Dean Health Plan, a Madison-based HMO, has settled a lawsuit alleging wrongful denial of an insurance claim (Watch Out!, 6/24/10). Andrew Erlandson, a local attorney who filed the suit on behalf of Joe "Kay," says the insurer agreed to pay $3,250, several times more than the $646 it initially refused to pay.
"He'll get the claim plus interest, and [our law firm will] get the rest," says Erlandson of the settlement. He adds that Kay rejected Dean's request to keep the settlement's terms confidential.
Kay's story came to light in an Isthmus article about the state Office of the Commissioner of Insurance ("Unable to Resolve Your Complaint," 10/22/09). Kay complained that Dean refused to pay the cost of stitches when he went to the emergency room with a cut hand, deeming this an "ancillary" service - which is, on its face, ridiculous. OCI, a state agency funded entirely by the insurance industry it supposedly regulates, did not challenge Dean's denial or even insist that it provide a clear explanation. (Dean has refused to discuss the case with Isthmus, citing patient confidentiality rules.)
Erlandson says he's baffled by OCI's role: "I don't get it." How can state regulators wink at a coverage denial this dubious? Eileen Mallow, OCI's assistant deputy commissioner, puts it like this:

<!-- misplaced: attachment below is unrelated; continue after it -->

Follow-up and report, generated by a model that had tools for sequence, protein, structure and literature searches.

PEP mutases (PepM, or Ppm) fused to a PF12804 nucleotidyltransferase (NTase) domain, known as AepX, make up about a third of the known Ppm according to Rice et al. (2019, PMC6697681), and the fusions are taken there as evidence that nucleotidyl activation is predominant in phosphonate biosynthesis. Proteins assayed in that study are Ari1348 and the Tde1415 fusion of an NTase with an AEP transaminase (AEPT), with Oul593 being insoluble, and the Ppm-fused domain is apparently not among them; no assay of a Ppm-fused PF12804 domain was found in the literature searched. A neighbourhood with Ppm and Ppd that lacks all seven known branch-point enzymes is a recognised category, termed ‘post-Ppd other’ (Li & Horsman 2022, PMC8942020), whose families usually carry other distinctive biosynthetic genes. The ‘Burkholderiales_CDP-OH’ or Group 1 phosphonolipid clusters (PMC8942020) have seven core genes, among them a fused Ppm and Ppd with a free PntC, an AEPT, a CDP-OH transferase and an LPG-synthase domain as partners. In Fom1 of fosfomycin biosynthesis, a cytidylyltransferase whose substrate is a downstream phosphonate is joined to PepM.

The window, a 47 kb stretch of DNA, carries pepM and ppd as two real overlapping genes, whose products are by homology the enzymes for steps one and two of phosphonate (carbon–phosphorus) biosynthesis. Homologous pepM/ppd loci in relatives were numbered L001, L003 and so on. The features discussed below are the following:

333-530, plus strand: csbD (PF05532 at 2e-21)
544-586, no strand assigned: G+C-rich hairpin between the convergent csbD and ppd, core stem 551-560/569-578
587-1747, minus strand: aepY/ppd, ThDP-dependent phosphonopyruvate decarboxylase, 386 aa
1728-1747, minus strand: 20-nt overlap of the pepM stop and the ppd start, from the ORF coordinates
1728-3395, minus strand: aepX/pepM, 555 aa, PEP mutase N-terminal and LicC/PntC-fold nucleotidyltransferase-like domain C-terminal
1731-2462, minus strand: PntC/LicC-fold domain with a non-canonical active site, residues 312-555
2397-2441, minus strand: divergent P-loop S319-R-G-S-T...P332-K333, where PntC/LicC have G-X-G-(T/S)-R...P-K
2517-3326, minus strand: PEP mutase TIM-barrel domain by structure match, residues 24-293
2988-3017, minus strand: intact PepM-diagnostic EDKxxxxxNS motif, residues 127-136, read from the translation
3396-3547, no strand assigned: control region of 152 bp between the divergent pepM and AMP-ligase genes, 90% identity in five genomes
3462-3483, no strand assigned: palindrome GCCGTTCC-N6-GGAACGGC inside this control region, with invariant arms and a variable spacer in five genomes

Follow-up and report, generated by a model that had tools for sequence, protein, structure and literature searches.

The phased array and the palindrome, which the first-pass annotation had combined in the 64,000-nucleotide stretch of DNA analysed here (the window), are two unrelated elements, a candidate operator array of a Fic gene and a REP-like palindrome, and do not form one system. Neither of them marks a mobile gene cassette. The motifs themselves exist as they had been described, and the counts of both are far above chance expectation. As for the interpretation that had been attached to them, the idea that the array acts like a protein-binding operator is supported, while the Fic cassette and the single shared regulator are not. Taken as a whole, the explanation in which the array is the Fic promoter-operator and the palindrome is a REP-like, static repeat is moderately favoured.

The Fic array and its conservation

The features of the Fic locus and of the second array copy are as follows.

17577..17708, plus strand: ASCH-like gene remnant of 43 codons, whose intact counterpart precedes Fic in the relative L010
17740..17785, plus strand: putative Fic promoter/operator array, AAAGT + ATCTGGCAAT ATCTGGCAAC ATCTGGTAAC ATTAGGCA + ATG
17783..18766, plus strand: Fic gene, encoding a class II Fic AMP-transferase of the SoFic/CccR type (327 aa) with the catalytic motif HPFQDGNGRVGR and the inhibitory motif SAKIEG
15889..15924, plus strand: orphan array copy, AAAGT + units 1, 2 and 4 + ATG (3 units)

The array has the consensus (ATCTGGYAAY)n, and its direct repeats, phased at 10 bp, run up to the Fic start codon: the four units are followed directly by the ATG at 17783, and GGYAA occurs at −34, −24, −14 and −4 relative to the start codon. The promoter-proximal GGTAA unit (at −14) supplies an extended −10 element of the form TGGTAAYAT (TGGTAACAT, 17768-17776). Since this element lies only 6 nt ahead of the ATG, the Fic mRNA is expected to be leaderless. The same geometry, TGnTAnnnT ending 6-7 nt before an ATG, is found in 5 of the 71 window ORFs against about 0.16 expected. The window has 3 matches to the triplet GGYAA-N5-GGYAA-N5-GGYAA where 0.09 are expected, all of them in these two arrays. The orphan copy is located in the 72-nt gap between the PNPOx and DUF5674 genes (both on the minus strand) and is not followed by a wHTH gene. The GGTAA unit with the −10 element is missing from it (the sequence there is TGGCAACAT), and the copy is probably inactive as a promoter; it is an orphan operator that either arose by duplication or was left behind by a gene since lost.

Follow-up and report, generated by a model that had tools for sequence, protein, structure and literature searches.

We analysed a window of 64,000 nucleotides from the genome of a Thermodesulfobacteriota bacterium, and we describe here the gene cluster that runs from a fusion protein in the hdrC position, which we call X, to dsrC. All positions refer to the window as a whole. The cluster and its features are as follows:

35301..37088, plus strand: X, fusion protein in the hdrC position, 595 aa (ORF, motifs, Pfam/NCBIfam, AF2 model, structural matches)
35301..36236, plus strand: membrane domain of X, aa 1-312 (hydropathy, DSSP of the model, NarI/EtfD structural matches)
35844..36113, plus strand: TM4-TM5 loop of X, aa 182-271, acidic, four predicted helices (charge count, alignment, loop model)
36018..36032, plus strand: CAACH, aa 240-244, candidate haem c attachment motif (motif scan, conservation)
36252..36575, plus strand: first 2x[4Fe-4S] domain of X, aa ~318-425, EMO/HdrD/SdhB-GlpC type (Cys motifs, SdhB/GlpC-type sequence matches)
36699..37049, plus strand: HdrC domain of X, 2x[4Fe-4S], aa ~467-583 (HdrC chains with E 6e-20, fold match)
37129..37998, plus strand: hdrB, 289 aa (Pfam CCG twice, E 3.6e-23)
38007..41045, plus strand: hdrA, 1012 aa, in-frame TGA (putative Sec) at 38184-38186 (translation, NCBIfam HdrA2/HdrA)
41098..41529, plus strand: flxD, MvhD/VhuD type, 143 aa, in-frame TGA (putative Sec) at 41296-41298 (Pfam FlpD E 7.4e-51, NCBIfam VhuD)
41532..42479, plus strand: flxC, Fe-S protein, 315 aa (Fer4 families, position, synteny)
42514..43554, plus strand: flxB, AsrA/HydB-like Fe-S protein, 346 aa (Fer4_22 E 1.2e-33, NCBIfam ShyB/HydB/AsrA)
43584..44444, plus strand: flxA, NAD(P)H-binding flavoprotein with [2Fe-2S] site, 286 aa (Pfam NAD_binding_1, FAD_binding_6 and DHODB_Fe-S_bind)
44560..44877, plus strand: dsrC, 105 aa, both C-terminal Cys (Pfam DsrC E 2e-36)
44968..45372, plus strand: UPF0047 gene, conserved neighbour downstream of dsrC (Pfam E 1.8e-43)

"[W]here contract language is ambiguous and not a direct violation of state law, OCI has been given limited ability by the Legislature to intervene. In those circumstances, we provide the consumer with information on how to further press their claim, including their right to pursue a claim through the court system."
Erlandson makes a similar point, suggesting OCI is "a necessary but ultimately fruitless step in the process" of holding insurers accountable, but "not the end of the story."
In other words, don't expect the state to help you; get a lawyer.